When David G. Grier got a tenure-track teaching position at the University of Chicago in 1992, he expected to continue the work on high-temperature superconductors that he had completed as a postdoctoral fellow at Bell Labs. Biding his time while his superconductor laboratory was being set up, he decided to carry out what he thought would be a quick and easy experiment on suspensions of particles, called colloids. These materials serve as a means for scientists to study how the atoms in metal crystals or other collections of tiny particles interact with one another, without having to move around individual atoms.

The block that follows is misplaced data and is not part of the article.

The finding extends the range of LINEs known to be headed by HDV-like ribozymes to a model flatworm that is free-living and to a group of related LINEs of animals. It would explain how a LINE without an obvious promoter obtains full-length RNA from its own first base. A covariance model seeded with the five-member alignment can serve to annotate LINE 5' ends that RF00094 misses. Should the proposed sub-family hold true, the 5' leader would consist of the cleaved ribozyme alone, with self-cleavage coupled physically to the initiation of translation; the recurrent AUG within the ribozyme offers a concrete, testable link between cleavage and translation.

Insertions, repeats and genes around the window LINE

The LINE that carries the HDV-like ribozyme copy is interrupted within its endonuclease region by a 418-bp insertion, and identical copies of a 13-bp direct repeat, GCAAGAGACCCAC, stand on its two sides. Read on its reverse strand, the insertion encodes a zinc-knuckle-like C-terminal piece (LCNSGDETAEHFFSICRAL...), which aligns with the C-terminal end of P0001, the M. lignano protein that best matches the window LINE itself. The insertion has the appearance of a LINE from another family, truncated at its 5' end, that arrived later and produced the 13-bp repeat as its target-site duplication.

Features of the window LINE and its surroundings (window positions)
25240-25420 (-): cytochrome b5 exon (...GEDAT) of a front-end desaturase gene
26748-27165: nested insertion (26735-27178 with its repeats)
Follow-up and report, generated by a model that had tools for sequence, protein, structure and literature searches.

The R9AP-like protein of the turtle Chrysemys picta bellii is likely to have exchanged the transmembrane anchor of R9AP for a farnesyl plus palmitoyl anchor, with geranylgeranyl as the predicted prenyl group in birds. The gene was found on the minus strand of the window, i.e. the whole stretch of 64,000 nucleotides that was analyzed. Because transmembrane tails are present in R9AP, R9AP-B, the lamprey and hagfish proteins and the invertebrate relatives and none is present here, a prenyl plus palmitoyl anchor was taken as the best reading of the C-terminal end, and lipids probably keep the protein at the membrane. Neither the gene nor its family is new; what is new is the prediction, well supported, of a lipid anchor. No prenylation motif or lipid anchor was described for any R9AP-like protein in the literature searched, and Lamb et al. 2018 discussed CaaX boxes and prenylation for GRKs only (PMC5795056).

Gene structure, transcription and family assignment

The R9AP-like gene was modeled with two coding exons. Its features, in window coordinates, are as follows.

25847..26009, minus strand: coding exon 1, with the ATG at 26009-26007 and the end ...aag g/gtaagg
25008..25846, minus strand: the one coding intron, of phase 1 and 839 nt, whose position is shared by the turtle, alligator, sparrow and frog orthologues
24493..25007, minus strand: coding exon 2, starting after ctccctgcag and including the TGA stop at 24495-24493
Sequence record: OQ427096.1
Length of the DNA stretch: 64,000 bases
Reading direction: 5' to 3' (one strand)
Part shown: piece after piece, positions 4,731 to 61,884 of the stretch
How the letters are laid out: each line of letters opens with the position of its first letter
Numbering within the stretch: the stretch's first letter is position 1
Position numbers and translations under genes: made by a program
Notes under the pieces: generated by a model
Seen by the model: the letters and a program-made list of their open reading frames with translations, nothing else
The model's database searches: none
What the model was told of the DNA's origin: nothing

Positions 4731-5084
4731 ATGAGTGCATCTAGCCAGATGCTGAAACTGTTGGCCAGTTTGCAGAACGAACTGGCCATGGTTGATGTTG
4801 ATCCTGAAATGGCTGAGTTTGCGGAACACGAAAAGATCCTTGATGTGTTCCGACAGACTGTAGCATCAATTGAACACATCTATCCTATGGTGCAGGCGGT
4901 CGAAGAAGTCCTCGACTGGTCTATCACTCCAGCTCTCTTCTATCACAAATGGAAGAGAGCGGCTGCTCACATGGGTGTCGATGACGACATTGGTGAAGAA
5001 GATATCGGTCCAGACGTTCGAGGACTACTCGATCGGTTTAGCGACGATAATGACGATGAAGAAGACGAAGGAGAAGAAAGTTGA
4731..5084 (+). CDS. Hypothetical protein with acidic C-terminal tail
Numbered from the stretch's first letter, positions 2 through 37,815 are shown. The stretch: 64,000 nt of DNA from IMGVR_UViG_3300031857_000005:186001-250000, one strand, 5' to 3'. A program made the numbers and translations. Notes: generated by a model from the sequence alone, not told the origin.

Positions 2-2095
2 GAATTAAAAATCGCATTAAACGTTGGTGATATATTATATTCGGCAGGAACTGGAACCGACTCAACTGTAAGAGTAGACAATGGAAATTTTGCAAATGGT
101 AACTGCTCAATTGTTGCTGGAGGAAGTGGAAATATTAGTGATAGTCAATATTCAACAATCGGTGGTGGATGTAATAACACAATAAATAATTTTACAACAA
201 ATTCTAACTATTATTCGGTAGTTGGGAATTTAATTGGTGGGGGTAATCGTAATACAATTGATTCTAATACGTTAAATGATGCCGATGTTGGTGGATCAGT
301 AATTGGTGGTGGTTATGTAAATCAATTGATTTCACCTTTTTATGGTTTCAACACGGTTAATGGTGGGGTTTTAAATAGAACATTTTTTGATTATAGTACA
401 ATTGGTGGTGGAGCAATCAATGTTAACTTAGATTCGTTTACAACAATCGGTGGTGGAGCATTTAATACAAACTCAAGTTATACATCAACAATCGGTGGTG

"We whipped up the experiment, and nothing was what it was supposed to be," Grier says. One-micron-diameter latex beads carrying a negative electrical charge had demonstrated a strong attraction when they were placed in a solution of water between two closely spaced parallel plates also bearing a negative charge. "It contradicted a 50-year-old theory that holds that like charges in a solution repel," he adds. The technology needed to understand the colloids was one that he had learned to use at Bell Labs, where it had been invented.
This article was originally published with the title Hands of Light.